Expanding the Sketch
We've talked a little bit about the sketches themselves and how it can be how we can have these new ideas in our composition to start building out so we could drag in those composition cells and I was talking about as examples move around our parts to build out a composition and things like that so let me just, um talk a little bit about building out thes thesis sounds themselves so if I come in here I'm gonna open up this sketch that we heard earlier once it opens and I'm gonna ask you guys basically to hear it and see if you guys hear anything that we can do any cool new techniques we can use it build out this composition way I actually think this would be a better example a little simpler oh yeah every day I'm loaded yeah, the thing can be super based on the genre how do you not let that constrain your song writing if you want to use a rhythm but not necessarily write a song in that style so rhythms one of the elements that really can constrain right and be under specific totally I ...
would say generally rhythm in a jeon ra is based on what it falls on so if it falls like usually to snare the kit of stare so if the snare falls on the three right then you having a lot of like hip hop dub step type sounds at certain vp ends but if you're having it fall on like the two and the four then you're having four for music a lot of times boom clap clap boom clap clap so those air like very very basic structures of a rhythm within a genre and then you have all this room for percussion like having a dub style roll drumroll can happen in any genre att least bpm type idea or adding kool uh like ethno person percussion can happen teo hip hop it can happen to anything so I think keeping the based structure is what keeps your genre so that is your kick and your snare maybe your high hats but then there's tons of possibilities within rhythm on top of that also those rhythmic devices can be used outside of the melon I mean outside of the rhythm the drums they confused in the melody you can add syncopation and weirder concepts within melodies but still keep the drums similar. So it's not just percussion but I would say in general, look at your percussion more than your your bass drum. All right. So listening to this just seeing if you guys hear anything that was obviously lycan a part right? Well, do you guys have any ideas of what we could do to make a bee part from here? So I'm not I can't I don't know exactly which melodic devices fit into but adding more voices so basically an additional instrument playing the same kind of melody that we're hearing I think switching up the actives would be cool on especially on that kind of like screeching sound if you switched it higher lower with the same kind of pattern s o uh no e was gonna flatness right now because I can still do with transposition so I can go this whole thing you love and screeching sound uh can go down like let's say twelve and then that whole thing could go down twelve or twelve whenever hee hee actually think not twelve and almost more like down a fifth or something like that yeah the thing about fifths are the structure of the notes how they move up and down if you go down just a fifth some of those notes won't be in key so if I had it in the melody I would totally do that I mean in the middie but since I froze it I sometimes don't like to use if it it still might work really well in certain part it's so light yeah because it gives it almost more melodic feel to it yeah so one thing is we can go I'm just going to go up a fifth well not up his butt down twelve one two three four five okay and you can see how that's kind of developing latif so if I were to do this like before when I was talking about our motif might be way would take this section and bring it in much later in the track right? So it's it's adding more interest by now being changed in that in those sections um cool so any other ideas of how we can kind of develop the idea I think if we would expand on that a little bit we almost are developing a column response yeah and then maybe that goes up that seems we're trying okay not that I did that wrong the dogs can hear it though let's go down so now when we looked this it does very much sound like a call and response so call me response s o that last part should go down down they're burnt the very end before it goes but when it was coming back in, it wasn't chris to back very well yeah like that totally so that that is an idea right that we have now developed it was simple it got more complicated you could even take the same idea and take those melodies that we're the response and put him in a different voice were double the voice let's just real quick see if this even works but I'm going teo consolidate and then convert to melody and it might be able to grab the actual notes it does a fairly good job this seems pretty simple all right well did a terrible job but this can sometimes be magic wait there was one thing interesting here you when you convert to melody doesn't show up as a new track yes and automatically where does that show up? I just went right under it. Okay, so it's this collider did one part correctly but I would add maybe a lot of river just adding extra voicing to it right and I don't want to go in here and rewrite that whole other section but the cool thing about it maybe like at a little riser before that down b e in a different instrument wait todo so uh now the question is me I don't actually know the notes right off man the later part was good something like that you can play with syncopation by having he's a little off e I want to make it come twinkly sounding too you know but it's a good start so where you can see naturally that we're using these ideas to come up with new things rising sequences call in response and so on and as soon as we get that going then we can then work on like the next section which would probably be just like getting rid of that whole thing and maybe whatever that stati thiss whole thing just get rid of all that ah a break here where is that kid? Okay dario so I'm just developing the idea more more I'm gonna add more percussion and then the other thing I would probably do with this other section as I was, make the base very obvious. Okay, we just insert a new audio track hopes, not audio, new mini trach and how it probably had something like razor or something just really freaking big. And then it would come in and be, like, totally weird. That would be my b section, and then I probably in this part do a ground base where the base is very much the center of the track. So it's, the idea that's going to hold the melody, so let me see reactor okay, takes a second it's a pretty big instrument, so let's, see what the general notes are looks like f on really quickly, go to a base that's. How I start developing the next idea. Cool. We could get lost in that forever, but you're seeing already how you can start using these concepts and it naturally begins to make it a lot faster and building up.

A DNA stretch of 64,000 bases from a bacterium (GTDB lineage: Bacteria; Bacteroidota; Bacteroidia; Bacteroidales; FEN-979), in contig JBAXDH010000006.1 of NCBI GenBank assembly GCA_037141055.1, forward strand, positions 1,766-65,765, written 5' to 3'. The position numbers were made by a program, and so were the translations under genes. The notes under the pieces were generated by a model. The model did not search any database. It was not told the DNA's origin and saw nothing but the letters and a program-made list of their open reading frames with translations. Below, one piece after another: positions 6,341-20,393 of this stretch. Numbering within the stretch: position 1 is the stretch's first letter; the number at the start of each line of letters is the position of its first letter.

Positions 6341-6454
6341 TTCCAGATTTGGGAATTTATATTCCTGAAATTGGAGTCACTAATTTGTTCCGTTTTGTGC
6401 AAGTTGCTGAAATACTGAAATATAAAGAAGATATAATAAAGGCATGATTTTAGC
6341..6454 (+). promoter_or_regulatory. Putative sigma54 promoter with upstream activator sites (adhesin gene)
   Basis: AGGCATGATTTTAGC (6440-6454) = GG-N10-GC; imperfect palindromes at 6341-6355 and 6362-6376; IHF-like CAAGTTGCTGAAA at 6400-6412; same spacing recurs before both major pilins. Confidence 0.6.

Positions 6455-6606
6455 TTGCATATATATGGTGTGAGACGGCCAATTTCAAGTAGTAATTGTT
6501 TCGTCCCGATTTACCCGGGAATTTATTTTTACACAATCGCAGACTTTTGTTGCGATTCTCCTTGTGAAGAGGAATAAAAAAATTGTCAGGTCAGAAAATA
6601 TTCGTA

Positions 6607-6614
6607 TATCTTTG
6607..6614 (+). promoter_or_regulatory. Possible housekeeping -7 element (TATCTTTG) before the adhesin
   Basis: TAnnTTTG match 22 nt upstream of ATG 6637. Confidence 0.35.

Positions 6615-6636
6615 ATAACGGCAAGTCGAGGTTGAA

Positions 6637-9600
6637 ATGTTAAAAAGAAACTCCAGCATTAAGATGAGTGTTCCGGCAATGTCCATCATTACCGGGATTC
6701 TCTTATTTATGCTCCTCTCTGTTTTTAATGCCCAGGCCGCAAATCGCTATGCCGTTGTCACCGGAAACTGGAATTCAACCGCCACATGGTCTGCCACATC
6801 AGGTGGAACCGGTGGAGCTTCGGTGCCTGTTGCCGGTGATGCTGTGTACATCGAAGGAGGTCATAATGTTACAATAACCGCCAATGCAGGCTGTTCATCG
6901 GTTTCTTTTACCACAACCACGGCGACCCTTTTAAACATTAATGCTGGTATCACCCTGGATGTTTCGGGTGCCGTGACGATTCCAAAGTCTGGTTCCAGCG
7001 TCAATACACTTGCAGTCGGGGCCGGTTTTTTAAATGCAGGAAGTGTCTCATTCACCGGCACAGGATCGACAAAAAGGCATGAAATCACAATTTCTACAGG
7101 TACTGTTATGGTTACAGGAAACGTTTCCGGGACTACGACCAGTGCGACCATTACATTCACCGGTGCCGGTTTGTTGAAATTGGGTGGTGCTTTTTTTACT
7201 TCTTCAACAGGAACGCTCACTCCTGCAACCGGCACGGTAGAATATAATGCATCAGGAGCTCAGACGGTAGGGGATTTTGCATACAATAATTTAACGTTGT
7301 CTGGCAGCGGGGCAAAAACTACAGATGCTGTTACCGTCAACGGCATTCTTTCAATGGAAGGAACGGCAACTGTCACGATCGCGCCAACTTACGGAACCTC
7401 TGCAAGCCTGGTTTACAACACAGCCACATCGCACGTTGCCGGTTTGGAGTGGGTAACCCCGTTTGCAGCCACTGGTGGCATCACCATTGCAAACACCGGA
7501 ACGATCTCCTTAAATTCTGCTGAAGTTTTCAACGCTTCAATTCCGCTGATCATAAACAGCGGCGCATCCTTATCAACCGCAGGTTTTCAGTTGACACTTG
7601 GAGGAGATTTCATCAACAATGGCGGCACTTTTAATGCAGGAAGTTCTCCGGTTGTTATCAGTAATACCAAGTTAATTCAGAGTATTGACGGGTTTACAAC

When you are working on a song it’s easy to get lost in the details of production and lose sight of what you are really trying to do: make better music. Ableton Live can help – Ableton’s flexible workflow lets you focus on what really matters.
Isaac Cotec is an Ableton Certified Trainer and in Fast Songwriting In Ableton Live he’ll teach you how to setup Live so the technical side of your songwriting process is simple and straightforward.
You’ll get tips on organizing your sample library, presets, and other assets so you can stay in the flow once the creative process starts. Then you’ll work through every step of songwriting process. To start off, Isaac will share tips on:
- Picking a concept, genre, and bpm
- Building out the melodic and rhythmic seeds
- Quickly writing the foundation of the track
He’ll also help develop your work after you’ve laid a foundation. You’ll get insights on using:
- Core elements: intro, verse, chorus, bridge, break, pre-chorus
- Melodic devices: call and response, passing notes, ground bass
- Rhythmic devices: syncopation, polyrhythm, etc
For those times when inspiration isn’t coming, Isaac will share the strategies he uses to overcome writer’s block and help you know when a song is done. You’ll know exactly what it takes to set up an optimal workspace in Ableton and how to write a song while taking full advantage of it’s functions and features.